The financial industry has suffered the most severe blow to its image in generations. Everything from TARP bailouts to multi-billion dollar ponzi schemes has left consumers reeling from a loss of trust and confidence in banks.
That is why it’s unfortunate to see this AP article with this headline:
“Where’d the bailout money go? Shhhh, it’s a secret.
$350 billion later, banks won’t say how they’re spending it.”
The Associated Press contacted 21 banks that received at least $1 billion in government money and asked four questions:
- How much has been spent?
- What was it spent on?
- How much is being held in savings?
- What’s the plan for the rest?
As one BNET reporter put it, “Dude, where’s my money?”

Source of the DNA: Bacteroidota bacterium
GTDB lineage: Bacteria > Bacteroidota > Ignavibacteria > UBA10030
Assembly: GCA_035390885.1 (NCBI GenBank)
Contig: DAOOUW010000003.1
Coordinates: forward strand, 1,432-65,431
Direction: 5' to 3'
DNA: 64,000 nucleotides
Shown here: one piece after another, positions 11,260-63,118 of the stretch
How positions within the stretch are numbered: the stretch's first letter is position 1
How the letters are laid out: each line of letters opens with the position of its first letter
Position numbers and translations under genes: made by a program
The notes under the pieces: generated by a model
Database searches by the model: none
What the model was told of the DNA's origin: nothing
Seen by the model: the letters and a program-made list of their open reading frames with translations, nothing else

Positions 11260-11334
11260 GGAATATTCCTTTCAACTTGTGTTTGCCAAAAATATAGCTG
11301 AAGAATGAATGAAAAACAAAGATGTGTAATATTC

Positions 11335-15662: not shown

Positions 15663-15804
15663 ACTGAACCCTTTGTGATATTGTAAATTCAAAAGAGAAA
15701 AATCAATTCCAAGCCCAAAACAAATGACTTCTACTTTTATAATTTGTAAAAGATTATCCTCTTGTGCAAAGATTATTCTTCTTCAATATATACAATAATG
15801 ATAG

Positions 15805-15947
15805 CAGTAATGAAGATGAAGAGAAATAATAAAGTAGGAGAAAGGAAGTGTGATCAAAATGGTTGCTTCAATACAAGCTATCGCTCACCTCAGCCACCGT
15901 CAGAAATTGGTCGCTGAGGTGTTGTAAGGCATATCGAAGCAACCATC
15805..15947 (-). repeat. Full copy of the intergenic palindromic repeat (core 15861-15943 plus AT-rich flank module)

None of the banks provided specific answers, and no bank provided even the most basic accounting for the federal money.
Instead, banks like JP Morgan expressly declined to discuss what they’ve done with their TARP money. The most they’d say is, “We’ve lent some of it. We’ve not lent some of it.”
That’s too bad. These banks missed a real opportunity to rebuild trust and confidence. It’s not that they are obligated to conduct dollar-in/dollar-out tracking of their capital — even taxpayer money, in this case. But if these banks want to help rebuild their image and that of their industry, next time they’ll think twice about being less secretive and more transparent in the future.
“If they’re not more forthcoming about how they’re spending this taxpayer-funded aid,” wrote the BNET reporter, “Banks are on the path to further losing their customers’ respect, regard — and business.”